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“On the gray, I give them extra credit for taking the lesser of two evils, if that’s why that tail is too short,” Barb says.
The gray and sorrel’s exhibitors also get plus scores on Barb’s card if they braided the extensions higher up the tailbone to get them out of the way for a specific class.
“For example, if the horse is in showmanship, and there’s a lot of backing in the pattern and the horse sits really deep, it’s a good idea to braid the extension up a little higher to get the tail out of the way,” she explains. “That way, you don’t run the risk of the horse stepping on it when he’s backing. The same is true if it’s a trail class with a lot of raised obstacles that the tail could brush.”
Again, ideally, you want a tail extension that is long enough to hang at the fetlock when properly braided to the tailbone, and that can be braided up higher if you need to shorten it.
“It’s the little things that make the difference,” Barb says, and points to the stragglers in the sorrel tail.
“With this tail, it appears that the longer hairs are on the outside of the tail, which suggests that the horse’s own tail hair is longer than the tail extension. I would trim those stragglers. There’s not enough of the horse’s natural hair there to give the illusion of a longer tail; it looks sloppy.”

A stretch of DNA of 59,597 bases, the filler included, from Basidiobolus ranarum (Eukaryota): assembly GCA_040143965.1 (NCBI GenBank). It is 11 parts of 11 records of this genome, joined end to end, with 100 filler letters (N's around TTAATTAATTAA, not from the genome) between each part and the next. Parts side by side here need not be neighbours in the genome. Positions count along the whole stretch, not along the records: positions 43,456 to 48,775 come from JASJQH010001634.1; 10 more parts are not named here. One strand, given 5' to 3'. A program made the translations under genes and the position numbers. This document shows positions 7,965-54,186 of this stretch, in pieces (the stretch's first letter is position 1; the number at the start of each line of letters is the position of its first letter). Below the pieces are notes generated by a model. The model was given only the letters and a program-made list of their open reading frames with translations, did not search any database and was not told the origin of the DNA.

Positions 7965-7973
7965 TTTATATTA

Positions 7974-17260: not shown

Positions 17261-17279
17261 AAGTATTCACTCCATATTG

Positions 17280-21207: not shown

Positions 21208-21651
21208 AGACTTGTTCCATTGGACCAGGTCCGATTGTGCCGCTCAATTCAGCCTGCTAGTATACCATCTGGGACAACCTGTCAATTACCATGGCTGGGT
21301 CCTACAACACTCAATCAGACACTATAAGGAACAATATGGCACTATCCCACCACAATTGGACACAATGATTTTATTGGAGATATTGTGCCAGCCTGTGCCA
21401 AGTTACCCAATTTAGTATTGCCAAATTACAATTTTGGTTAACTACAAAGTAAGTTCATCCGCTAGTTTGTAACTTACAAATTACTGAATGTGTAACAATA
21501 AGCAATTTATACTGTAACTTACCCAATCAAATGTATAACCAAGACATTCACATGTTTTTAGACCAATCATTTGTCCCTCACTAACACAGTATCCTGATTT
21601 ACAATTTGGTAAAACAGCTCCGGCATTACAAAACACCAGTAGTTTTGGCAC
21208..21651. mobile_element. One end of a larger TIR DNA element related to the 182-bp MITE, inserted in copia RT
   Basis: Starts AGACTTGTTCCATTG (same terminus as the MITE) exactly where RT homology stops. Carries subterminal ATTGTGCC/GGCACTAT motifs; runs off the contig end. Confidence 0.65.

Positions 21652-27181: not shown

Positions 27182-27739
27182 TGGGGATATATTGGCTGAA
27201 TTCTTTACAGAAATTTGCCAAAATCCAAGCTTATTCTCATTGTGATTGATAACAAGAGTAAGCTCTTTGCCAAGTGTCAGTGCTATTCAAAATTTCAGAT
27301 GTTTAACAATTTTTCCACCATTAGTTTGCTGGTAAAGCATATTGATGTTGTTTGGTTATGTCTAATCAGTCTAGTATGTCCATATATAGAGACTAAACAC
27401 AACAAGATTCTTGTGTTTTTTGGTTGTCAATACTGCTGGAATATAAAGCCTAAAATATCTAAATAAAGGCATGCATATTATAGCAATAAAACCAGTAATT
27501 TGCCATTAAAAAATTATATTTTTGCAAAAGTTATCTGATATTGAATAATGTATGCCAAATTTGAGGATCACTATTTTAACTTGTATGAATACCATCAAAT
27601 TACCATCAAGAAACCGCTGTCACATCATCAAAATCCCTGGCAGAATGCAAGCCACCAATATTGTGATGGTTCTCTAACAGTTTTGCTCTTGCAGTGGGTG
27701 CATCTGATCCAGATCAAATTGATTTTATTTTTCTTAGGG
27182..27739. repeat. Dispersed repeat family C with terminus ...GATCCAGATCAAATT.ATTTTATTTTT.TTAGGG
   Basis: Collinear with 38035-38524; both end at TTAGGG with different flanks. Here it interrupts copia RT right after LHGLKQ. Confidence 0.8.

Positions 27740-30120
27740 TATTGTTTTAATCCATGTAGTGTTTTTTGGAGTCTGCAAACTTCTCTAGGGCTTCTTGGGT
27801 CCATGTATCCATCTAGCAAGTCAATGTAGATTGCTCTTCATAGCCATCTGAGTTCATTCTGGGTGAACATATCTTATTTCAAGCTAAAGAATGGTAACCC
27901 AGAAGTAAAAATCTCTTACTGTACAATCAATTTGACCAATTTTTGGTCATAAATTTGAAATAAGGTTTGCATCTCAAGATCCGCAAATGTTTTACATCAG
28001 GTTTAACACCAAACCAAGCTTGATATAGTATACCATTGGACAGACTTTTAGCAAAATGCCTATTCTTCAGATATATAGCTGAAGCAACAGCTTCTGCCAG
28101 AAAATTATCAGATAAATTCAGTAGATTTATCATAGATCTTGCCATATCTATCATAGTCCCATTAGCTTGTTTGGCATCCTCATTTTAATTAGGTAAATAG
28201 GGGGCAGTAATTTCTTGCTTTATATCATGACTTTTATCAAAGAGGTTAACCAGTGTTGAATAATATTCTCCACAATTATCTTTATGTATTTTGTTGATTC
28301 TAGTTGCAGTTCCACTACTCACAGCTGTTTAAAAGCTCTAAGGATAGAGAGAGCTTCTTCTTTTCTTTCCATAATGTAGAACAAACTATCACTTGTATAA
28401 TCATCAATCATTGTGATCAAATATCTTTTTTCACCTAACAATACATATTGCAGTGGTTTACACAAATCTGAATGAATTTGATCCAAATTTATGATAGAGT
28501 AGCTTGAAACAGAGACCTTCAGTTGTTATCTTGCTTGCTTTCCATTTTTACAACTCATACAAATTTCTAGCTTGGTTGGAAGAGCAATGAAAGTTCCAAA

If you like a wavy look in your horse’s tail, Barb recommends putting the wave in both the extension and your horse’s natural hair. Or make sure both the tail and the extension hair are straight.
“On the sorrel horse, it appears that they braided the horse’s own tail hair, but not the extension,” Barb says, leaving the horse’s tail hair wavy and the extension hair straight. It keeps the hair from blending.
To get a wave in the tail extension, you simply braid it wet and let it dry just as you do your horse’s tail. Depending on the extension’s thickness, you might have one to three braids.
“It is the little, simple things that make the difference,” Barb says. “I can’t stress enough that a clean tail, a clean tail extension, matched properly with a good color match and braided in properly makes for a world champion look. Why not take that to every horse show?”